Indian Agriculture Equipment Market
7.3 7.68 8.08

The Indian Farm Equipment Market is expected to grow at a CAGR of ~5%

9 8 7 6 5 4 3 2 1 0

6.6

6.94

in USD

2006

2007

2008

2009

2010

Federation of Indian Chambers and Commerce and Industry (FICCI)

Policies pertaining to Agriculture Machinery Sector
CENTRAL SECTOR EXTENSION PROGRAMMES3 Promotion of agricultural mechanization

In this scheme, subsidy for the purchase of tractors below 18 hp to hp along with 3 matching implements is being provided to farmers, individually or in a group, having irrigated land between 2.4 to 3.2 ha. Subsidy rate is 30% of the cost to a maximum limit of Rs. 30000.
Special food production programmes (for wheat, maize and millet)

Under these programmes subsidy is provided up to 50% of the cost limited to Rs. 1500/- per implement/ farm on bullock drawn implements. Under maize and millet programmes, subsidy is also provided on plant protection equipment limited to 50% of cost or up to Rs.600/
Oil seed production programme

Under this programme subsidy is being provided on bullock drawn implements to the tune of 50% limited to a maximum of Rs.700/- to small and marginal farmers. Subsidy is also being provided on plant protection equipment up to 50% of cost limited to Rs.500/
National pulse development programme

Under this programme subsidy is being provided on bullock drawn implements up to 50% of cost limited to Rs.500/-per farmer. Subsidy is also provided on plant protection equipment up to 50% of cost limited to Rs. 500 and Dal processing equipment up to 50% of cost limited to Rs. 4000 for machines of less than 1.5 hp capacity.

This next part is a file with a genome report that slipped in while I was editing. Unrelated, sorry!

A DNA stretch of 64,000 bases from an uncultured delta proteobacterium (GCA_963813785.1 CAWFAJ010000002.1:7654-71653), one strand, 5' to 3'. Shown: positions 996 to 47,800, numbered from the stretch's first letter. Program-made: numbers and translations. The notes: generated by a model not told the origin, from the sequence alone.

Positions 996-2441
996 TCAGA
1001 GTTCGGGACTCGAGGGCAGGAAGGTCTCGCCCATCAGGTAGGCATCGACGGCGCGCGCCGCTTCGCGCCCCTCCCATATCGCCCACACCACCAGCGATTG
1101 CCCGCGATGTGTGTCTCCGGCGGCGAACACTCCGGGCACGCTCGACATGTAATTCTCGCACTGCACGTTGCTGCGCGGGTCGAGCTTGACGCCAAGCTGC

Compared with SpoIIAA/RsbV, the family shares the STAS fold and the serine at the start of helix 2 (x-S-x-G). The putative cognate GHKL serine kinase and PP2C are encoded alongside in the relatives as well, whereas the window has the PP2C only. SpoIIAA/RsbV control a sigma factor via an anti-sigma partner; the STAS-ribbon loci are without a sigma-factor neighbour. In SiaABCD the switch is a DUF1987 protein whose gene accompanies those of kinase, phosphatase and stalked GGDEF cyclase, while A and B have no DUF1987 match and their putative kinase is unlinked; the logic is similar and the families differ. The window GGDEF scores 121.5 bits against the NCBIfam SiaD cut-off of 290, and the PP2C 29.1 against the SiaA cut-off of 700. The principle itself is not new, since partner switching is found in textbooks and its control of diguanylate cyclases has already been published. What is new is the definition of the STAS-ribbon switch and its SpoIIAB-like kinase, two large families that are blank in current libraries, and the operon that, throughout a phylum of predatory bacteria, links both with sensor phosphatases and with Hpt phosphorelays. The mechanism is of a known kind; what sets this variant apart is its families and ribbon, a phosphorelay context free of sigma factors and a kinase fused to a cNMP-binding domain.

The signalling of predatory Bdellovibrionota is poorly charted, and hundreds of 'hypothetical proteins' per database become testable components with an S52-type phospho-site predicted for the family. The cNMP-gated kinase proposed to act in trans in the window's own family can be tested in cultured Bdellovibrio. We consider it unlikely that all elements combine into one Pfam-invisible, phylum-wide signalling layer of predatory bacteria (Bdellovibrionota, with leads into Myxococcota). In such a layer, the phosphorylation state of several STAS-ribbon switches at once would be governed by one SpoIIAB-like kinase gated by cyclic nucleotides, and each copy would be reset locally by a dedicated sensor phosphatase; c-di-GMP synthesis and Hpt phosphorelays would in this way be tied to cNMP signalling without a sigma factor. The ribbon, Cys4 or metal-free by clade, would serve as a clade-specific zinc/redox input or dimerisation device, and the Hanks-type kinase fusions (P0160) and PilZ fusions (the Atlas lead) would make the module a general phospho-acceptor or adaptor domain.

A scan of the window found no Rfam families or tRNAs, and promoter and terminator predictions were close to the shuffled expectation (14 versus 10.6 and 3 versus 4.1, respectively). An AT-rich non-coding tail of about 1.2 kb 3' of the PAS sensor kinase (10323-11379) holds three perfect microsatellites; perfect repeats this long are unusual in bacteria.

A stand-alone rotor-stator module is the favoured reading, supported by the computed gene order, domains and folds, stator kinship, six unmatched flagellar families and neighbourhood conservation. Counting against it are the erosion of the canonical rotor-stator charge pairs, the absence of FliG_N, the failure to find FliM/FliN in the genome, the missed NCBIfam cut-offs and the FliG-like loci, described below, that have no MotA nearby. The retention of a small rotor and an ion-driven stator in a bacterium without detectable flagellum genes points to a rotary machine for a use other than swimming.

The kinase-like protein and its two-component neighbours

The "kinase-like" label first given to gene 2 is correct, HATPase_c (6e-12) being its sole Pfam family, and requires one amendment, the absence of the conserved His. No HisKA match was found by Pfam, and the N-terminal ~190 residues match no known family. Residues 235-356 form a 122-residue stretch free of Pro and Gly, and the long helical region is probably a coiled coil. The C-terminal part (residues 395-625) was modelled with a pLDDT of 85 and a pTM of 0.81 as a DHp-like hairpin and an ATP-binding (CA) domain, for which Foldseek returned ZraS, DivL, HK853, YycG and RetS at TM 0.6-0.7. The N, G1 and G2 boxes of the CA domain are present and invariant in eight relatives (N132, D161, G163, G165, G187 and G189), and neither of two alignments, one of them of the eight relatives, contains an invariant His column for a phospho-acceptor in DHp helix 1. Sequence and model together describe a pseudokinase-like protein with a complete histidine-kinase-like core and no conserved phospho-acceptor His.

Intensive cotton development programme

Under this programme subsidy is being provided on plant protection equipment up to 50% of cost limited to Rs.600 for manually operated equipment and 25% of cost limited to Rs. 4000 for tractor mounted equipment.
Integrated programme for rice development

Under this programme subsidy is being provided on animal drawn implements, rice transplanter and water pumps up to 50% of cost limited to Rs.1500. Subsidy is also being provided on power tillers up to 25% of cost limited to Rs.12000.
Development of industrial designs of prototypes of implements

This scheme was approved for the 8th plan with an outlay of Rs.13.5 million. The scheme envisages identification of improved, nearly developed equipment and grant of financial assistance to the R&D institutions for developing industrial designs together with jigs and fixtures needed for their commercialization.
STATE SECTOR EXTENSION PROGRAMMES

Under the state sector programmes generally two promotional programmes are being used by the state governments;

3

Source: Singh Gyanendra; “Agricultural Machinery Industry in India (manufacturing, marketing & mechanization promotion), published in Status of Farm Mechanization in India; IARI, March 2006

Federation of Indian Chambers and Commerce and Industry (FICCI)

Custom hiring of implements

Under this programmes tractors with matching implements for deep ploughing, rotavation, reapers, threshers, combines, drilling and boring machines, dozers, ditchers etc are being given to farmers on subsidized hire charges.
Manufacture of implements

State governments having agricultural implement workshops are manufacturing a good number of improved agricultural implements and providing to farmers at nominal profits. Most of the implement popularization Schemes sponsored by the Central Government are under review to have an integrated approach to the input requirements of the farmers. Under Macro Subsidy Schemes, the State Governments are required to prepare a consolidated requirement based on the inputs to be promoted for increasing the productivity of agriculture.